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News Eagle - Hawley, PA
  • Sojourning on the Upper Delaware River

  • The 19th annual Delaware River Sojourn, which concludes Saturday June 29, has had over 200 adventure seekers participating through the week, scoring the swift waters from Ten Mile River all the way to the waters near Philadelphia.
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  • The 19th annual Delaware River Sojourn, which concludes Saturday June 29, has had over 200 adventure seekers participating through the week, scoring the swift waters from Ten Mile River all the way to the waters near Philadelphia.
    Along the trip, the groups stopped at different destinations that included a night at the Zane Grey Museum in Lackawaxen, a night at Dingmans Campground in Dingmans Ferry and a final night in the Seaport Museum, by Ben Franklin Bridge in Philadelphia. Every day, the kayakers paddled between six to 11 miles, with the intent of giving everyone, "a little flavor, a little face of the Delaware" explained Kate Schmidt, a member of the 2013 Delaware River Sojourn Steering Committee.
    Richard Egan, the chairman of the committee, said the trip is meant to draw attention to the Delaware River and show people what a "wonderful resource it is and why it's worth protecting and spending effort to keep it as good as it is right now."
    A founding member of the Sojourn, Richard McNutt said every year the number of participants has grown, and this year was the best yet. The first day had such a large turnout that the livery company had to rent a truck to get more kayaks. McNutt said an important reason for the trip is that it's meant to get people on the water and eventually, he said, there are plans to develop "Circles of History." He explained that because of the history surrounding the river, and that, "we have the best of the best," it's important to educate people about the natural resource and keep it clean. He added that, "we want people who live here, to love it."
    To ensure safety, members of the Canoe Safety Patrol paddled along, having fun too as they made sure everything went well. In the Sojourn's 19 years existence, Schmidt said there haven't been any serious injuries.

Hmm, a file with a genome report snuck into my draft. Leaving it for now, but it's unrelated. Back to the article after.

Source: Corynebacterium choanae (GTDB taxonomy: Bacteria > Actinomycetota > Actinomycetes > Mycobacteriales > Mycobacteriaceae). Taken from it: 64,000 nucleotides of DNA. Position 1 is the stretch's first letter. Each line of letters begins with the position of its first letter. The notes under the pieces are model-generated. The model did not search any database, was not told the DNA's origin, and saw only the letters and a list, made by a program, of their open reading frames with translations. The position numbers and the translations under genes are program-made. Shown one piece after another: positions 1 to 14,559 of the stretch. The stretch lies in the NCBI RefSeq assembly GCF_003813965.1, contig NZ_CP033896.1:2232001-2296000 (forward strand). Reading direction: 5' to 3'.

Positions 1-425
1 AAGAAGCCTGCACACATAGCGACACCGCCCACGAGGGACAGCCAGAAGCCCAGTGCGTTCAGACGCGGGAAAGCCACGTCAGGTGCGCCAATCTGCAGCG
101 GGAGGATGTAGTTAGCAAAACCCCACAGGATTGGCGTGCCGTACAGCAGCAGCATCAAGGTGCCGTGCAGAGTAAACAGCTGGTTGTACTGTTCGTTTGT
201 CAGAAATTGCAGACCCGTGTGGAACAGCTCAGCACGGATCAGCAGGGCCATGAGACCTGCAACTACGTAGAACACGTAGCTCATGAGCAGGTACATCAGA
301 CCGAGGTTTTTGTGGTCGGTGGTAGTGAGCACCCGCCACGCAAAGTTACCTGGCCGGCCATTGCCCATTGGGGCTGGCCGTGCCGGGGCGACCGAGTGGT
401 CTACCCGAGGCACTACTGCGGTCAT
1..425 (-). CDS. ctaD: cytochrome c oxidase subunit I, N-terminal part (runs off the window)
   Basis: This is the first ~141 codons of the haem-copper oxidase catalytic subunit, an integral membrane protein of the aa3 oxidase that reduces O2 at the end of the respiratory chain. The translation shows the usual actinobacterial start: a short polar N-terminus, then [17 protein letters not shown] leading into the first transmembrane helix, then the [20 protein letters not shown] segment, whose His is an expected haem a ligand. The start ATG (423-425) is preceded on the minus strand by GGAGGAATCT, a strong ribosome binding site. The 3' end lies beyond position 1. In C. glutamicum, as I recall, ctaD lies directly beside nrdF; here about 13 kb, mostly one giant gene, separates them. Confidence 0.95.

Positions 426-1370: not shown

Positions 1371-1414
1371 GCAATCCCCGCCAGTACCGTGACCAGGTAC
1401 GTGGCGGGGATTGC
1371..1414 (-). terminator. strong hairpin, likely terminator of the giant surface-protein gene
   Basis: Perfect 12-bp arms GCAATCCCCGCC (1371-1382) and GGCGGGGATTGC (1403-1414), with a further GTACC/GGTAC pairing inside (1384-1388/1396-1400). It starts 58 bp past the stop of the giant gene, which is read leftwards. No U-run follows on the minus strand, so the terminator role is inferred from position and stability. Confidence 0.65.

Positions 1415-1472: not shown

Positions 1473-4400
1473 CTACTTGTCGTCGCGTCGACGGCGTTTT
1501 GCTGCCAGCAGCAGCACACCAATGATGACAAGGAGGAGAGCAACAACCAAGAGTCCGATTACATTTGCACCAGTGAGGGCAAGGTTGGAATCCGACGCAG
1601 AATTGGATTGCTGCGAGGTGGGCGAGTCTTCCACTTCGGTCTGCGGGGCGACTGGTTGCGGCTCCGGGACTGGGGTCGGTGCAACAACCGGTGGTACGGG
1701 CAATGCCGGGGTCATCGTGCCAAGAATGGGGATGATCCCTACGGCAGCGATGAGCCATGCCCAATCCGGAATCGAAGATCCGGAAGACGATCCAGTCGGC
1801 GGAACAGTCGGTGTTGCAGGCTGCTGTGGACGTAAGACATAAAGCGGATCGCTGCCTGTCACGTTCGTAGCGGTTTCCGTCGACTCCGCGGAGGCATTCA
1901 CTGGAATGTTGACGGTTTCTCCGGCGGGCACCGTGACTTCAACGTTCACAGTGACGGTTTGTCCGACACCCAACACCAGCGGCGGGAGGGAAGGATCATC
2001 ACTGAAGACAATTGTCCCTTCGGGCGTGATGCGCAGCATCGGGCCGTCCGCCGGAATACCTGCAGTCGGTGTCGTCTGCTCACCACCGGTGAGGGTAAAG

Each day, to recognize someone who has made a positive difference for the environment or region, a person was named Admiral of the Day. Tradition has it, that when rafters used to pass by an area on the Upper Delaware, they would stop and salute an admiral and to honor him, the travelers would give him a bottle of whiskey. To follow through with the recognition, members of the Sojourn salute their own admiral and give the person a hat and plaque. Tuesday, Lori McKean, the Volunteer Coordinator at Grey Towers was named an admiral. She said it was an honor. For the last 15 years, McKean has worked to help educate people about the Delaware River and the habitat for the eagles, as well as her work with the forest service and Grey Towers.
    Kayakers were provided by North East Wilderness Experience located in Honesdale and Hawley. A smaller livery, Schmidt said they were a great company to work with as they have provided the kayaks for several years.
    Page 2 of 2 - The food, McNutt said, was the best of any Sojourn so far, because it was like eating meals from a restaurant. Konrad's Kitchen and Grill out of Yulan, New York, catered every day, but the last.
    About 20 people paddled the entire trip, including paddlers as young as 14. Kahmere Casey, from Philadelphia is 16 and he participated in his fourth trip this year. Casey said he took the trip because he wanted to paddle and have fun. Two years ago, Casey was named a lower high admiral.
    Traveling from Tennessee, Lorraine Martinez participated in her 10th Sojourn this year, with her godson Taylor Butkewich who is 14. Martinez said the water, the greenery and the Sojourn is what brings her to the region.
    Since the beginning, John Mauser has participated in the Sojourn. This year, Mauser was a member of the land crew, ensuring meals were delivered along the way and everything else was running smootly. He said he has participated through the years because it's fun.
    Herb Meyerson, said participating in the Sojourn is something people have to experience. Describing the trip, he said isn't really explainable because people need to experience it firsthand. He added that, "if you get in the river, the river gets into you and you'll have an appreciation for it."
    For more information about the Sojourn visit www.delawareriversojourn.org.

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